Recent data from the U.S. Food and Drug Administration (FDA or the agency) on the percentage of De Novo classification requests that are declined or withdrawn raises questions about the prospects for De Novo submissions. Industry may need to temper expectations for a clear and uncomplicated standard to ease novel low- to moderate-risk devices to clearance. Careful planning and early engagement with the agency can enhance a company's understanding of FDA's requirements for particular devices.

FDA's De Novo statistics suggest a somewhat discouraging outlook for De Novo classification requests.  The agency's Medical Device User Fee Amendments quarterly performance reports imply that getting through to clearance may be a highly variable undertaking, with relatively high rates of failure. 

According to the most recent performance report, in 2018, there were 56 submissions for De Novo consideration, of which 31 (55%) failed in some way.  In 2019, of 61 submissions, 20 to date have been declined or withdrawn (36 are still pending a decision). 

Figure 1:  CDRH - De Novo Performance Metrics - Rate of Grant, Decline, Withdrawal and Delete Decisions


Although the agency's annual reporting metrics have changed since 2017, making direct comparisons inexact, the table below suggests that the recent data may be consistent with the post-2012 trend of numbers of initial requests that make it to a final grant of De Novo classification.1

Figure 2: De Novo Requests Disposition 2013 - 2017


Data is based on the MDUFA III Performance Report (December 10, 2018) and cumulative summaries from prior year reports. After 2017, the MDUFA reports no longer present data on numbers of grants/declines from previous years' submissions.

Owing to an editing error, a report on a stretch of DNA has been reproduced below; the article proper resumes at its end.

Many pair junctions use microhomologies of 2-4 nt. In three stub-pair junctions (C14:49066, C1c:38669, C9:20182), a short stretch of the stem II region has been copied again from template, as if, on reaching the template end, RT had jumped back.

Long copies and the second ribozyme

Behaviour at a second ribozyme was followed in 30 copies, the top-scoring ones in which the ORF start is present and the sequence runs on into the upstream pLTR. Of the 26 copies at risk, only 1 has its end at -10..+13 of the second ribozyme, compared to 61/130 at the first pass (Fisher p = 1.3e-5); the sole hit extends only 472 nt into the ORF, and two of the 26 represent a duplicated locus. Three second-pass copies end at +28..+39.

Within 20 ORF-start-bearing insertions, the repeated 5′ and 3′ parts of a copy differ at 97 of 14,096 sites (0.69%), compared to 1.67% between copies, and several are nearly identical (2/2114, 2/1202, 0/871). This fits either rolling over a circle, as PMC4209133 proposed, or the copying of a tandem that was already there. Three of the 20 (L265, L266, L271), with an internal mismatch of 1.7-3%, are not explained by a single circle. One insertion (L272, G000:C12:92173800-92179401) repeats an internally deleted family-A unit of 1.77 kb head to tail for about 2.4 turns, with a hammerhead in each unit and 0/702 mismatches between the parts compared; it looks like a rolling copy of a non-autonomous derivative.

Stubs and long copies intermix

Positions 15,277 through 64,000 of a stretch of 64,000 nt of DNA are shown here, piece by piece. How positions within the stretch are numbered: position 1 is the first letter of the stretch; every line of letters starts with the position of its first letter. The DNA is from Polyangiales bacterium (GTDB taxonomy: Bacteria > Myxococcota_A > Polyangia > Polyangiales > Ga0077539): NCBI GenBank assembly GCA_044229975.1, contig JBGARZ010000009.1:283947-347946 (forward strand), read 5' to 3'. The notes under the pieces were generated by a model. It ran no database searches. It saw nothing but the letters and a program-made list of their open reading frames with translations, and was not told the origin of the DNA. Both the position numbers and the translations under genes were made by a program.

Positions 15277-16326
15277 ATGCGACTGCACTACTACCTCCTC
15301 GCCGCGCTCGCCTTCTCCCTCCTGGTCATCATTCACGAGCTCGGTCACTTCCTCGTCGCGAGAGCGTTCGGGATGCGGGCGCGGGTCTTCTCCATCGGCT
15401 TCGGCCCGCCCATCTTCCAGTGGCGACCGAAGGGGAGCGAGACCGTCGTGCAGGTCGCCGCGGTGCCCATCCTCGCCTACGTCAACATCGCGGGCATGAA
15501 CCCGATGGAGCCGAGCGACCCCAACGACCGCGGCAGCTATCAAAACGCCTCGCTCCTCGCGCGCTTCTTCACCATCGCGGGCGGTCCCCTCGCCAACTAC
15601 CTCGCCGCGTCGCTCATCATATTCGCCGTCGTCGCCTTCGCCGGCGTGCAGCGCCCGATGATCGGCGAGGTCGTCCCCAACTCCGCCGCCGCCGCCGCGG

By contrast, data for original Premarket Authorizations (PMAs) indicate a much lower failure rate, with withdrawals/not approvables over the last seven years at approximately 12%.

Figure 3:  PMA Original and Panel-Track Supplements (Without Panel Review), Withdrawal and Not Approvable Rates


Variability in results for De Novo requests across divisions suggest that the challenges may differ significantly depending on product classification and review team.  Likelihood of success appears to be especially low for neurology and reproductive/gastroenterology/urology requests.

Figure 4:  De Novo Clearance Rate by Therapeutic Area – 2018


Should sponsors approach the De Novo process with caution?

It is not entirely clear what the reasons might be for the relatively low clearance rate of De Novo requests.  One key driving factor may be inconsistency in applications or variability in threshold agreement as to how safe is safe and how effective is effective for novel, yet otherwise low- to moderate-risk devices.  All companies are encouraged to use the pre-submission meeting process prior to filing a De Novo request to ensure better understanding of FDA's requirements prior to filing a De Novo request.


1. In the 15 years following the creation of the De Novo classification process in the Food and Drug Administration Modernization Act (FDAMA) of 1997, there were only 76 total completed submissions. After the process was revamped in 2012 (FDASIA) to allow for direct submissions, annual numbers of De Novo classification requests have increased significantly.

The content of this article is intended to provide a general guide to the subject matter. Specialist advice should be sought about your specific circumstances.